Pawnbrokers are “Financial Institutions” under Federal Law; State Laws May Vary

NPA’s Team GRC is glad to provide guidance to Members who have asked for clarification of whether pawn stores are “financial institutions” like banks and credit unions, and whether as “financial institutions” pawnbrokers qualify as “essential businesses” that may be exempt from shelter or closure orders that some states and localities are issuing. We all know that pawnbrokers provide important, access-to-credit services for their customers.

Pawnbrokers provide essential, safety-net credit to average Americans tens of millions of times each year. Most of America’s pawn consumers do not have bank or credit union relationships. The Federal Reserve Board has estimated that 40 per cent of adult Americans do not have $400 spare to cover an emergency – such as the country is currently experiencing.
Pawnbrokers are licensed and regulated by state and local governments. Pawn transactions are also regulated by federal consumer financial protection statutes and by the federal Bank Secrecy Act, as well.

Pawn customers need access to pawnbrokers just as much as other consumers need access to banks and credit unions. If shelter-in-place orders require or allow banks and credit unions to remain open, then state and local officials enforcing shelter-in-place orders should allow pawnbrokers to reman open as well. If banks and credit unions must restrict their operating hours, then pawnbrokers’ customers need pawnbrokers to have comparable operating hours. No state or local government should discriminate against its citizens at this difficult time when many consumers need credit to tide them over until the economy recovers.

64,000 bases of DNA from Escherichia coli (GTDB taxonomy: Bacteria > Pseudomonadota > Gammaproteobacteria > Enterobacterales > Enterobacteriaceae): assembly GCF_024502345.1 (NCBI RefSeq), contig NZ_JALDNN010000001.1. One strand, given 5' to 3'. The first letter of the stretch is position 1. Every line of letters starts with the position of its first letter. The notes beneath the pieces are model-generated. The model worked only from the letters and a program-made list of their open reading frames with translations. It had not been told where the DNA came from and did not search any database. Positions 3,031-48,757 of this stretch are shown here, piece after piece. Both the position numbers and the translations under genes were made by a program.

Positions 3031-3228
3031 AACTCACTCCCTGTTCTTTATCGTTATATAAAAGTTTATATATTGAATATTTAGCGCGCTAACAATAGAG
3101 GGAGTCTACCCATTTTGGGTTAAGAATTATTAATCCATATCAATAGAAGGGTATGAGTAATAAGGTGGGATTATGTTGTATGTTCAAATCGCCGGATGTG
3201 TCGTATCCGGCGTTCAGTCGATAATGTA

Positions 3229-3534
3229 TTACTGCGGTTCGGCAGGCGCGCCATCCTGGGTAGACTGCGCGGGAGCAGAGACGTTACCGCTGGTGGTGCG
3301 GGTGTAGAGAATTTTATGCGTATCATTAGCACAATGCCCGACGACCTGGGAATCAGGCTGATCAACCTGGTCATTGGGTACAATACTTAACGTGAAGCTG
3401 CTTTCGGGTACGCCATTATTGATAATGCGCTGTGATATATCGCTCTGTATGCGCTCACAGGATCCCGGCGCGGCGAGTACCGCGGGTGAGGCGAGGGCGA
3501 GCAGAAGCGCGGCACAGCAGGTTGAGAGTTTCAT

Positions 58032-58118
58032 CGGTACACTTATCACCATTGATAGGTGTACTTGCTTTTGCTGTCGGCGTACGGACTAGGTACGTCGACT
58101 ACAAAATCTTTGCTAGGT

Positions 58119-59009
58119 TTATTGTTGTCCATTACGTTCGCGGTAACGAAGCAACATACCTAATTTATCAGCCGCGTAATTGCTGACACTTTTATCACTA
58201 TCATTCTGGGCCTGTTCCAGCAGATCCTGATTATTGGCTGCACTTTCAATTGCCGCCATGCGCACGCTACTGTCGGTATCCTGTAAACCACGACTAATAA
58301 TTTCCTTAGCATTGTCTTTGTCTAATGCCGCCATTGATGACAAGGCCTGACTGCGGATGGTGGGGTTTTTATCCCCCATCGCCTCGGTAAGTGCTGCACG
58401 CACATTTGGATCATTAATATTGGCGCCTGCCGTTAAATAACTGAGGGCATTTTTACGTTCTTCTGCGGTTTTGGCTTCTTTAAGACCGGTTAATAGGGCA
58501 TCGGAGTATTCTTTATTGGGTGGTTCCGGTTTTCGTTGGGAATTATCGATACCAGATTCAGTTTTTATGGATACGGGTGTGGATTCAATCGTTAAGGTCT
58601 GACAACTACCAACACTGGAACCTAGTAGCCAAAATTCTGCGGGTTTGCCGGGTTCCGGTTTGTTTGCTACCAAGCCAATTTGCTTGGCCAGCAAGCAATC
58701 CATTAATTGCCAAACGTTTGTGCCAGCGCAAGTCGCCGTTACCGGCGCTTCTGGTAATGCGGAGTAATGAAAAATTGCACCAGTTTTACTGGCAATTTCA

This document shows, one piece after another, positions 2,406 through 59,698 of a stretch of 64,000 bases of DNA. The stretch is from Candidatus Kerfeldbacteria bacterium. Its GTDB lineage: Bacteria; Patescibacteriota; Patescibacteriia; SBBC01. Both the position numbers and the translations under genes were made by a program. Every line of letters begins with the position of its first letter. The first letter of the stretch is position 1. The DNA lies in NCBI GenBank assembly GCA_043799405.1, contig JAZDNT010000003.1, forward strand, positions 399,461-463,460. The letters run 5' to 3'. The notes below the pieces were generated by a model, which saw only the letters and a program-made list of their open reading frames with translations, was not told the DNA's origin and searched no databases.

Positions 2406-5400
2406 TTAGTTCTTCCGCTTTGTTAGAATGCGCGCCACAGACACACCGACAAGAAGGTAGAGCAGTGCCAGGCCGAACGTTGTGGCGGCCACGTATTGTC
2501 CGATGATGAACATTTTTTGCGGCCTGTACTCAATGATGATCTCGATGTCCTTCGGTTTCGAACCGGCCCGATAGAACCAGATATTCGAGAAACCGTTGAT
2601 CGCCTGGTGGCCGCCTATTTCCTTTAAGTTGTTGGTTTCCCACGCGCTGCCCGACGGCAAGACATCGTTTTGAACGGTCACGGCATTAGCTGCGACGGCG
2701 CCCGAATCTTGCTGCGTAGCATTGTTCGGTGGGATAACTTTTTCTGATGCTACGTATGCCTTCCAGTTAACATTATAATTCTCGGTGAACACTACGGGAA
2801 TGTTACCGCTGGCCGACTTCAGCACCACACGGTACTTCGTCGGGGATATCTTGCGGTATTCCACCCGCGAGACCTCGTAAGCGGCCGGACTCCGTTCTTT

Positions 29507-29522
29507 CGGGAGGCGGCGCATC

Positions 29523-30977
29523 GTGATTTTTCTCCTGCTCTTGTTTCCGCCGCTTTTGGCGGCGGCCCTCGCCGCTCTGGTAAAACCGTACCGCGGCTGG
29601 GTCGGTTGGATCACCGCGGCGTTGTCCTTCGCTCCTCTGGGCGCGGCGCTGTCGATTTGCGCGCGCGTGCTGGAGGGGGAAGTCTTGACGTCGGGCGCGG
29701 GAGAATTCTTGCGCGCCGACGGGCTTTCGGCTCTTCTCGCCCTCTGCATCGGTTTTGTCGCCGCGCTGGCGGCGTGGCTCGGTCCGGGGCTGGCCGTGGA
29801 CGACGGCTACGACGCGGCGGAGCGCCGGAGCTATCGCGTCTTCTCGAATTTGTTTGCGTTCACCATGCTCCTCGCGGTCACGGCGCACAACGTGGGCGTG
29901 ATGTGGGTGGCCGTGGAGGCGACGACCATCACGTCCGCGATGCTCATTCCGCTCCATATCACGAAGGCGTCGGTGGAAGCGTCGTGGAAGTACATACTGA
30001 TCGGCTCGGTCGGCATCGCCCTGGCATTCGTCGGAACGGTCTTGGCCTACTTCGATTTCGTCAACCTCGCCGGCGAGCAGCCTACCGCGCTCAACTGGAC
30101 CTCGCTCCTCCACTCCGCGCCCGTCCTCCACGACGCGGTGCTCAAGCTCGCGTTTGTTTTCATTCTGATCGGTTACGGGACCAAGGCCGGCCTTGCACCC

Congress has designated pawnbrokers as “financial institutions” in two major pieces of legislation.  First, the USA PATRIOT Act, enacted in October 2001, defines “financial institution” to include pawnbrokers is codified at 31 U.S.C. § 5312(a)(2)(o). Providers of financial services in the scope of section 5312(a)(2) also include commercial banks and credit unions, among others.
Pawnbrokers also are providers of “financial services” as defined in section 103 of the Gramm-Leach-Bliley Financial Services Modernization Act of 1999 and are subject to its Title V (Privacy), which governs providers of consumer financial services and to the two federal consumer financial protection regulations that implement Title V. This term also covers banks and credit unions, as do the regulations. Pawnbrokers are subject to other federal statutes and regulations that apply to banks and credit unions. Pawnbrokers must comply with other federal consumer financial protection and anti-money-laundering statutes that apply to banks and credit unions.

Some state laws may reference pawnbrokers specifically as “financial institutions.” Others do not. The NPA believes that state regulators should appreciate why pawnbrokers are “essential businesses” for their citizens. Team GRC is prepared to assist NPA members in communicating with your regulators to be certain that your business can be open during this economic emergency if banks and credit unions can. You may contact Fran Bishop fbishopdp1@gmail.com for further information.
This GRC Update is not intended and should not be construed as legal advice to NPA members. 

Members should consult their own lawyers for legal advice.

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